But that wasn’t all she did. Budgets in Washington don’t mean much anymore—the president proposes his, the Republicans propose theirs, and after some slap-fights about ideology and principles they just spend a bunch of money. Budgets in Westminster are announced by the Chancellor of the Exchequer, and then … well, that’s it. You win the election, you govern. (And in Britain’s functional three-party system, you can win without a popular majority. Thatcher’s greatest victory came in 1983, when the Tories won 43.9 percent of the vote and the left had split between Labour and the Social Democratic Party. Add this to the list of things American conservatives can’t copy.)
That was how Thatcher was able to move so much more rapidly than Reagan, and that was how she made her tax cuts add up. Those 1979 cuts were paid for by a near-doubling of the sales tax, from 8 percent to 15 percent. America’s conservatives don’t know what to do about the sales tax. In the hands of Herman Cain, it became, briefly, part of a populist-sounding economic plan that would only punish the freeloaders.
But no one who actually leads the GOP buys into this. Here, the VAT is a looming danger from the liberals who want to fund an expanded welfare state. Could the United Kingdom have drawn this down if Thatcher was willing to unwind the National Health Service? Well, possibly, but we know that a 1982 proposal to do just that—viewed sympathetically by Thatcher—had to be completely denounced, again and again. Today’s Republicans want their party to repeal Obamacare and its mandates whenever they next take power. They want taxes to be flatter, but it was a revolt against a sort of flat tax that ended Thatcher’s premiership. She found out how far she could take libertarian economics, then ran up against the barriers.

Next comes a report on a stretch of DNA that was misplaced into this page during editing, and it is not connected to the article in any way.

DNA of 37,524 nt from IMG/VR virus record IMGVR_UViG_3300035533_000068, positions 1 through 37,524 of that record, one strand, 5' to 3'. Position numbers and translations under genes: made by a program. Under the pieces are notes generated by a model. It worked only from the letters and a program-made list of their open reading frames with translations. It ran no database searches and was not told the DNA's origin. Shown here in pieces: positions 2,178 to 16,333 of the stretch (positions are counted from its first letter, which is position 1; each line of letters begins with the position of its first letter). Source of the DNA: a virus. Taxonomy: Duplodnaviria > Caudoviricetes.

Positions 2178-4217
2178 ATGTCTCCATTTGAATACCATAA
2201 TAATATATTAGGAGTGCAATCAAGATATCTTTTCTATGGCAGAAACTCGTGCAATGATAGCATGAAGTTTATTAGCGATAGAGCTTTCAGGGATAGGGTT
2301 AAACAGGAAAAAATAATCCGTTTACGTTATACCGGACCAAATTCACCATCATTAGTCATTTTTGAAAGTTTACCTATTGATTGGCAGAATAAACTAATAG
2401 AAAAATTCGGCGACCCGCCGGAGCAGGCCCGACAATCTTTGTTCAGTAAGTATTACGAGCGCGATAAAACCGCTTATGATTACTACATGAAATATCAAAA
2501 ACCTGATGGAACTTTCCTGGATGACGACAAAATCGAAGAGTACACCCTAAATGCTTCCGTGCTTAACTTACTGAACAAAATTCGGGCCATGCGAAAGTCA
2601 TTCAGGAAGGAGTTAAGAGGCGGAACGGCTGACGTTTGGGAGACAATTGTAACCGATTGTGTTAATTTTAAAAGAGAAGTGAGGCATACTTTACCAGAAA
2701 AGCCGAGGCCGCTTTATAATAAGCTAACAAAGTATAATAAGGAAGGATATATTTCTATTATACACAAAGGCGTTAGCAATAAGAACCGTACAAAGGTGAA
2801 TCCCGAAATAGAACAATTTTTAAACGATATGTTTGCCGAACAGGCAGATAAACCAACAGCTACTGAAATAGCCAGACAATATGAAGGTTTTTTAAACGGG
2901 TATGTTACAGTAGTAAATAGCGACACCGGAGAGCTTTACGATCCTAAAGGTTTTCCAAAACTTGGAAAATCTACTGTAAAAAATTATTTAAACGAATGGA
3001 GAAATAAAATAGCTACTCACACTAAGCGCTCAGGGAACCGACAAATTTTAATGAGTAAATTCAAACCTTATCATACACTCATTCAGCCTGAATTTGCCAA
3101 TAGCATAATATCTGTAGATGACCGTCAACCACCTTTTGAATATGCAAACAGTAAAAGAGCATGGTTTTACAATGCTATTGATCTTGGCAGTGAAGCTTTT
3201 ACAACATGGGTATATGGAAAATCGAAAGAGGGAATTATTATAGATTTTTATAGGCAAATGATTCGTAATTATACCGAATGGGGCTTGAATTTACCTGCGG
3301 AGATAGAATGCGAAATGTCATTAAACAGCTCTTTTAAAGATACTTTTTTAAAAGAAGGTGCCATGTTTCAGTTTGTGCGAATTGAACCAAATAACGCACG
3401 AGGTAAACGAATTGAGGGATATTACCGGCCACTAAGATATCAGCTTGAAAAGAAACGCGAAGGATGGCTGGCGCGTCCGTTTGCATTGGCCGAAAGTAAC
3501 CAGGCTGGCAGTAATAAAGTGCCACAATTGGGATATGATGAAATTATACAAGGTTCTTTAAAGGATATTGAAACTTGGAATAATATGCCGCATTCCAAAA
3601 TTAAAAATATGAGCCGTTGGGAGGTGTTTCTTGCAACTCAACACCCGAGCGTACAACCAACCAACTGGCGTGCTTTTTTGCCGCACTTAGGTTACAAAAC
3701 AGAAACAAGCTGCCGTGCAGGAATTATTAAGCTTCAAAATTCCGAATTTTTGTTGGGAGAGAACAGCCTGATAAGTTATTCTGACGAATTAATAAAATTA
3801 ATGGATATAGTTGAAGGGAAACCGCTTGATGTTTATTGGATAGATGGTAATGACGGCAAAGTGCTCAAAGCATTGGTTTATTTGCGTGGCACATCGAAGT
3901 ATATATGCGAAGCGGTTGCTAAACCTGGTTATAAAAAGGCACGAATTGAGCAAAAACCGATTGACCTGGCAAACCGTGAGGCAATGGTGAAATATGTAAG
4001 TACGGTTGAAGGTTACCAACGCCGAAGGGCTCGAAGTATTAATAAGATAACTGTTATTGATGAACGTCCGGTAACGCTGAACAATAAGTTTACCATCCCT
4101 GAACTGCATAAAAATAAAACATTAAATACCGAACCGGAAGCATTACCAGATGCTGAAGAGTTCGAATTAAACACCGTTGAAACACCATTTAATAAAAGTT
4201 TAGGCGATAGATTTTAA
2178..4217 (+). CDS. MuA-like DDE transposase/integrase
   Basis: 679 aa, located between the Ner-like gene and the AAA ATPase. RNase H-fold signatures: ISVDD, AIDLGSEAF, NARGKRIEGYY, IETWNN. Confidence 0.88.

So Republicans accentuate the positive. Joe Lhota, who’s running for mayor of New York, celebrated Thatcher for understanding “the power of individual freedom versus the tyranny of government collectivism.” She proved that a miserable, statist political consensus was wrong, and how often does that happen? She did this with conviction. In The Path to Power, her memoir of the years before 1979, Thatcher remembered reading Friedrich Hayek and other conservative or libertarian authors whom the commies couldn’t stand. “By their wonderful mockery of socialist follies,” she wrote, “they ... gave us the feeling that the other side simply could not win in the end. That is a vital feeling in politics; it eradicates past defeats and builds future victories.”
She could distinguish between the two. After Tony Blair took power, after—for the first time—a Labour government didn’t try to nationalize more industry, Thatcher was asked about her greatest achievement. Her apocryphal answer: “New Labour.” She won, and she realized she won, and Britain’s social democrats couldn’t really contest the point. Their Conservative Party has moved on, racing away from Thatcher’s “Victorian” views on gay rights, embracing climate science, even changing the party logo from a blue torch to an impressionist green tree. Thatcher’s American admirers might evolve, too.